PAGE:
Sunday, April 22, 2012

April 22, 2012

Today I went to church! Elizabeth and Fred Crook picked me up in a taxi and we navigated the 45(ish) minutes to a fat, tall, green-glass plated building. Church was held on the fourth floor. The fifth floor was a weight lifting gym, so Sunday school was staccato-ed by the crashing of dropped weights. There were so many babies and young children running around! I haven’t seen many young people or old people for a while, mostly just people in between. After church we went with a very nice Australian couple to a Tex-Mex restaurant.

I have been reading some very remarkable books lately, and I would recommend “The Scholar of Moab” to you all.

Azaa, my Mongolian friend, is convinced that there are ghosts that live in the dorm room. Late at night on the weekends she hears knocking on her 6th story window. Other girls say they also hearing knocking late at night.

I told her we would do a ghost banishing spell with Gregorian chants and candlelight. I think that freaked her out enough, and she would rather have the ghosts than my makeshift witch coven.

Saturday, April 21, 2012

April 20, 2012

During art class, Sage and I learned how to paint in a more Chinese fashion. Our art teacher (featured in the picture below) kept repeating the artistic equivalent of “go with the flow.” On the right is the painting created by our art teacher, on the left is Sage’s and my creation. Our teacher was happily confused by the elephant I added.

Dad and I had an excellent trip to visit Bao in Nanjing. We dined on fine cuisine prepared by Bao’s parents, including Peking duck burritos, egg and tomato mix, and coconut milk. We traveled to several historically significant spots, one of which was a tomb where nobody knows where the body was actually buried because the body (before it was deceased) wanted to prevent tomb robbers. We also explored the Nanjing Massacre museum, which resembled the Holocaust Museum in D.C. in general layout and how information was portrayed.

Stirling and Bao walking through a canopy of trees:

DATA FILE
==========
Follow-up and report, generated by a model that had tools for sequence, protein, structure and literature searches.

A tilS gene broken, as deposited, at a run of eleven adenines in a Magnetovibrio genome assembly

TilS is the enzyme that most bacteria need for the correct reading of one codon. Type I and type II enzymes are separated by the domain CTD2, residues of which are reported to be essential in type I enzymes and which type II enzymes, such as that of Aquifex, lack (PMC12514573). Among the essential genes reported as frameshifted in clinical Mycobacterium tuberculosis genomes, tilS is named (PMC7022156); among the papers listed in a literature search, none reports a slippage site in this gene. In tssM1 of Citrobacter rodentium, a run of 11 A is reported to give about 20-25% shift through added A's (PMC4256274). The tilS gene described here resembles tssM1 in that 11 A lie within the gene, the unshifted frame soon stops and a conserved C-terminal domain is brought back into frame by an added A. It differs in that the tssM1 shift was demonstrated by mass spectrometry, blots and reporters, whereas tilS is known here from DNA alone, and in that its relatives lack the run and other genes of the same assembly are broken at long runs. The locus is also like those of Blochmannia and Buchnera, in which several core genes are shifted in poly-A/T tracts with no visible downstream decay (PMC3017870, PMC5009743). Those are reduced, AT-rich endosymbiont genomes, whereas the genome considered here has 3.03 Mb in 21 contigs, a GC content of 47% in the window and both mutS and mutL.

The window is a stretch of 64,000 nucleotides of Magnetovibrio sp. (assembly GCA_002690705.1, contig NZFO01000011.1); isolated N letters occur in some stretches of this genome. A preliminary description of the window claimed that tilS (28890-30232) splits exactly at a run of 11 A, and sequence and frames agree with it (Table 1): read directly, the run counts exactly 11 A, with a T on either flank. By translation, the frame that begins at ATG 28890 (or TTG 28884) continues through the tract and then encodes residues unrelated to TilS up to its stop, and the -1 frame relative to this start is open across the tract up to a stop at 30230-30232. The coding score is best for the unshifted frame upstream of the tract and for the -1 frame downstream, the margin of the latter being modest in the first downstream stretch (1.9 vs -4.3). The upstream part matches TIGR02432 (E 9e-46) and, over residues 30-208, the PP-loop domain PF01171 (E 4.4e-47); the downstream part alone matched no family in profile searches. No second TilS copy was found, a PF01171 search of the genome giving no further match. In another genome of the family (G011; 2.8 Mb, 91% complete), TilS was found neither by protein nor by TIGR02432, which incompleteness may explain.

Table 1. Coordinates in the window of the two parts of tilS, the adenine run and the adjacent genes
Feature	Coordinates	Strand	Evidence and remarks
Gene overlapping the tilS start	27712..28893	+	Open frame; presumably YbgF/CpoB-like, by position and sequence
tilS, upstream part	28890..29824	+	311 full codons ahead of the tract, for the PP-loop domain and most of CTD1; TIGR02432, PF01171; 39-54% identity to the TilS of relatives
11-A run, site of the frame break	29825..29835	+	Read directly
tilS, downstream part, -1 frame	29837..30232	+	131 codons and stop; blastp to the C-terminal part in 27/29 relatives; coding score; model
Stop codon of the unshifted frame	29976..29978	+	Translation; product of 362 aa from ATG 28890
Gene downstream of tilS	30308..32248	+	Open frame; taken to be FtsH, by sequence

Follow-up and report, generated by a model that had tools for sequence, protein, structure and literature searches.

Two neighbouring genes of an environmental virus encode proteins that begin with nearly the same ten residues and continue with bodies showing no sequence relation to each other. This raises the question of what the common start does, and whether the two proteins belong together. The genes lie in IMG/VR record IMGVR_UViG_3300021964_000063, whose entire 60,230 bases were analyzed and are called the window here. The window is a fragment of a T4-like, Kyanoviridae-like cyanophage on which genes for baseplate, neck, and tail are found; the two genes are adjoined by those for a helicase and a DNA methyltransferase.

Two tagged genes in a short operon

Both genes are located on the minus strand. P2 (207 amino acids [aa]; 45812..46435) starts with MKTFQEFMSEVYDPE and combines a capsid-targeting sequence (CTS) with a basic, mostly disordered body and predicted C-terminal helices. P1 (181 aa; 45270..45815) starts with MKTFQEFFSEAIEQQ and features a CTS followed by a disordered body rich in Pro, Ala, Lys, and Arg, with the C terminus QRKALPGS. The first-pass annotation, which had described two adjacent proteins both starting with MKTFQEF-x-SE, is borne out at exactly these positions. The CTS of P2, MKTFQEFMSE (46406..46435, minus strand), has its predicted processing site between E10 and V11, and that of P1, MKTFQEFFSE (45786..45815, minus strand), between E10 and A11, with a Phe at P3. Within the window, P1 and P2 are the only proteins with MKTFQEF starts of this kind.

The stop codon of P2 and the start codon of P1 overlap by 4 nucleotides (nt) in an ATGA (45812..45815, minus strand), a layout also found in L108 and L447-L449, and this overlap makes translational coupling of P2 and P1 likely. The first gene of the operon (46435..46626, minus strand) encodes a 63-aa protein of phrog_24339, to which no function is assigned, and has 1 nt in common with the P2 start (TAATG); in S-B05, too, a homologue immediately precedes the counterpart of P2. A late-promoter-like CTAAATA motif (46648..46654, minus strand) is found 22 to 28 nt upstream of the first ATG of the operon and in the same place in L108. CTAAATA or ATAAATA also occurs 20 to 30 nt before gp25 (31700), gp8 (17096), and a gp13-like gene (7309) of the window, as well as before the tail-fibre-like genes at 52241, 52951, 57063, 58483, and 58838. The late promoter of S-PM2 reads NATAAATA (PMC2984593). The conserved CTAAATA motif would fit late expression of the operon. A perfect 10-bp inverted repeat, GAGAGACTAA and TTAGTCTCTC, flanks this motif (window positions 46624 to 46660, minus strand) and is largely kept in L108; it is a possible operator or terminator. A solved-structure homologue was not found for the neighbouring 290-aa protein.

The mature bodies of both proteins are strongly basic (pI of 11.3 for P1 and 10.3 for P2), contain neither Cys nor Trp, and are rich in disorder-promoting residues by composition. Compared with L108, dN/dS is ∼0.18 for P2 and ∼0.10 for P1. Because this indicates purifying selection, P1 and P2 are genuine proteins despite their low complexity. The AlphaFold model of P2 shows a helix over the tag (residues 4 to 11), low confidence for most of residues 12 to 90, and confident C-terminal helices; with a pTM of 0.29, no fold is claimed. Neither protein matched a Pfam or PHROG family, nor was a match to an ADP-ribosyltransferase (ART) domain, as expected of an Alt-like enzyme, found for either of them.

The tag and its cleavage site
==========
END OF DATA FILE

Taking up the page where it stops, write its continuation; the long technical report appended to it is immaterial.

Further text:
Sunday, April 8, 2012

April 8, 2012

Disclaimer: Xi’an will come in a later, more detailed post.

Today we ventured to an outdoor antique market selling everything from desks elaborately painted in gold and red, to toddler sized porcelain vases, to Mao statues that creepily resemble Joseph Smith statues. One vendor hawked a small mountain of rustic swords, while nearby another merchant peddled teapots shaped like elephants, flowers and pumpkins. Everything was obviously “recien envejecido” (recently made old) but it was still interesting to go along, and occasionally purchase, part of the show. One particularly interesting stand sold hand cut puppets. Each puppet was made of a single flat piece of parchment (or maybe leather) with miniscule snips and cuts to create swirls, or textures. Some of the puppets even had mobile knees and elbows. When held up against the light they glowed, and acquire a nearly life like third dimension.

After the market, I went across the street to the grocery store for dinner.

  • 2 oily bread patties filled with thickly shredded carrot- 2 yuan
  • 1 five leveled (raspberry goo, vanilla ice cream, chocolate chunk, brownie segment, vanilla again, all dipped in chocolate) ice cream- 2.5 yuan
  • 1 medium sized carton of fresh strawberries- 16 yuan

My dinner added up to 20.5 yuan, equal to about 3.28 dollars. Wow. Sometimes, I skip the strawberries and get a jianbing instead (3.5 yuan) which then makes dinner 8 yuan, approximately 1.28 dollars. Or sometimes I get a tanghulu (3 yuan) instead of a jianbing, which puts dinner at a total of 7.5 yuan, 1.20 dollars. Will I ever again be able to handle the “cheap” out-to-eat alternative of a single thing for a dollar? Probably not.